A Popular History of The Great War/Volume 1/Page 68
the direction of the army, and included representatives of the Admiralty and the Board of Trade. The work of this council was to lay down general schemes of what the railways were required to do in the way of moving troops and supplies. The actual executive administration of the lines was placed in the hands of the railway executive committee, a board composed of the general managers of the railways. Behind it was an organization, the engineer and railway staff corps, consisting of the very pick of the railway world, whose members were at once placed in high administrative transportation posts, not only at home but on the continent. The government guaranteed that during the time of official control the receipts of the railways should equal those they had recently been earning. The result of this guarantee was far-reaching. From now on it was no longer the aim of the railways to attract traffic by special means to their lines, but to meet the government needs.
All the advertising campaigns, canvassing for passengers, and the like, were cut off in a day. Trains were held up or lines closed whenever necessary. In the following months excursion facilities gradually lessened until it was announced that on account of the military requirements cheap fares and excursion rates would be cancelled altogether. The private traveller suffered to some extent, although not so much as might have been expected. But the work for the army was done with splendid efficiency. The way in which the first Expeditionary Force was carried to the south coast ports and embarked secretly will go down in history among the greatest of railway feats.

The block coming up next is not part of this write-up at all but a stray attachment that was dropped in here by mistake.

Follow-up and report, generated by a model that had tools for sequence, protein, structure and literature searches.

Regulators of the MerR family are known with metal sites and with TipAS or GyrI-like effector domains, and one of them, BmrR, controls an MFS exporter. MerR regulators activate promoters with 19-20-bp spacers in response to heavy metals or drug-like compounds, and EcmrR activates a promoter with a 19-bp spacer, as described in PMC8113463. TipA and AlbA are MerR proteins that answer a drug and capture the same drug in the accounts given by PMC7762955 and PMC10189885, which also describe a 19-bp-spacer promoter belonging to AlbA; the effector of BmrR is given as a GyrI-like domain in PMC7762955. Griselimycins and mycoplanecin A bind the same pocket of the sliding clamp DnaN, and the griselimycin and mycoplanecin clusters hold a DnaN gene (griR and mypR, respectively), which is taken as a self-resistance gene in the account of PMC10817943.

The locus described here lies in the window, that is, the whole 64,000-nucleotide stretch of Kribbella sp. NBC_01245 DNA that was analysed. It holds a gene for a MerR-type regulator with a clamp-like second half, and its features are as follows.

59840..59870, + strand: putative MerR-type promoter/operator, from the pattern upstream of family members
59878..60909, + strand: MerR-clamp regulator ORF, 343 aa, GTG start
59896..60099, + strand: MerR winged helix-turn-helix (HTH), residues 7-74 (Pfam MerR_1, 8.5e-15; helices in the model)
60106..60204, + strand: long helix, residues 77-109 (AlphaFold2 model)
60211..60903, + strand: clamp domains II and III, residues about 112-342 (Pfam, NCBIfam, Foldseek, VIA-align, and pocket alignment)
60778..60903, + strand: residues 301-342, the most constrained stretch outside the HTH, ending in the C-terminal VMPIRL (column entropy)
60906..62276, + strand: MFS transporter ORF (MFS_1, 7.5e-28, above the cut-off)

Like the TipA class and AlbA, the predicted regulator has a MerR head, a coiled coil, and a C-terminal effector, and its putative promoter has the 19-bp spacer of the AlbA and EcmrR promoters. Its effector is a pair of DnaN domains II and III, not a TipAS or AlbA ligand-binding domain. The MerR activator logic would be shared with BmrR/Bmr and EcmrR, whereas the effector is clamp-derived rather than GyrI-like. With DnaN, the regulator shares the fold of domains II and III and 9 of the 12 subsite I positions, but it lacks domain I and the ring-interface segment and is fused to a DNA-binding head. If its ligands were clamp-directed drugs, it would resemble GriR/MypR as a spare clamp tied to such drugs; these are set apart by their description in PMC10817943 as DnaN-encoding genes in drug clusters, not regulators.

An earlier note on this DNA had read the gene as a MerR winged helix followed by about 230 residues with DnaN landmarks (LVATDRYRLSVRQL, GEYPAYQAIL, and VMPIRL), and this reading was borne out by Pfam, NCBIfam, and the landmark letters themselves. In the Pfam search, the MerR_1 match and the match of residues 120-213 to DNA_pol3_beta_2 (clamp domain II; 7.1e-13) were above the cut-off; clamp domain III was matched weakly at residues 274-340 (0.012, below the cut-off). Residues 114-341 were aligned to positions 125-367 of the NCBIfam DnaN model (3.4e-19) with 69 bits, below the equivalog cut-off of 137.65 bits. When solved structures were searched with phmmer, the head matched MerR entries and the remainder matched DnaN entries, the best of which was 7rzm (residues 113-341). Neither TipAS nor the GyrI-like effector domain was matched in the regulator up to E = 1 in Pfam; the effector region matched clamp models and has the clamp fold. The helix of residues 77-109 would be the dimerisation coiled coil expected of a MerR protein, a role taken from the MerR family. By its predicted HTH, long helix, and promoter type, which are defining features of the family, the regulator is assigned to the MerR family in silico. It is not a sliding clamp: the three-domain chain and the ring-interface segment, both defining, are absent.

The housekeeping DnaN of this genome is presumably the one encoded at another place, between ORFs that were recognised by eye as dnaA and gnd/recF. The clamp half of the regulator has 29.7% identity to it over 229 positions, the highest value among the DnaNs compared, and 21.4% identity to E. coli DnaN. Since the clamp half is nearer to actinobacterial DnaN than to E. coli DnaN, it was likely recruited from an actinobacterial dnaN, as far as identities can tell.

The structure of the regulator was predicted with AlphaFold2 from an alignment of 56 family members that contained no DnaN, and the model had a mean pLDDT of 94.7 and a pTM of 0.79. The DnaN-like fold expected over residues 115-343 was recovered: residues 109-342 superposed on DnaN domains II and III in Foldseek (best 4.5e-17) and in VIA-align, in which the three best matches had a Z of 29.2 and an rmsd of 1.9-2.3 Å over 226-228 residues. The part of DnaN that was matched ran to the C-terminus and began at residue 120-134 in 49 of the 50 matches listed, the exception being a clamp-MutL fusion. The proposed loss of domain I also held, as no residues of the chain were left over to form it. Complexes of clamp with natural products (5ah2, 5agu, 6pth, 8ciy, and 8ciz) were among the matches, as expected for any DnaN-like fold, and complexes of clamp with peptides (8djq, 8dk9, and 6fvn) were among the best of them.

Still more important, if anything, than the conveyance of the Expeditionary Force southwards was the constant preparation to keep the lines ready day and night so that at any moment a defence army of, maybe, 200,000 men, drawn from many centres, could be concentrated on one spot to resist an attempt at invasion. When it is borne in mind that the railways were very short-handed, a large number of their men being in the army, that they had lost some of their chief organizers for administrative work on the continent, and that they were primarily, from August onwards, working for the government, it will be realized that the way in which they still catered for the civilian element stands to their great credit.
The scheme for insuring British shipping against war risks was necessary if the shipping was to continue its work freely. Every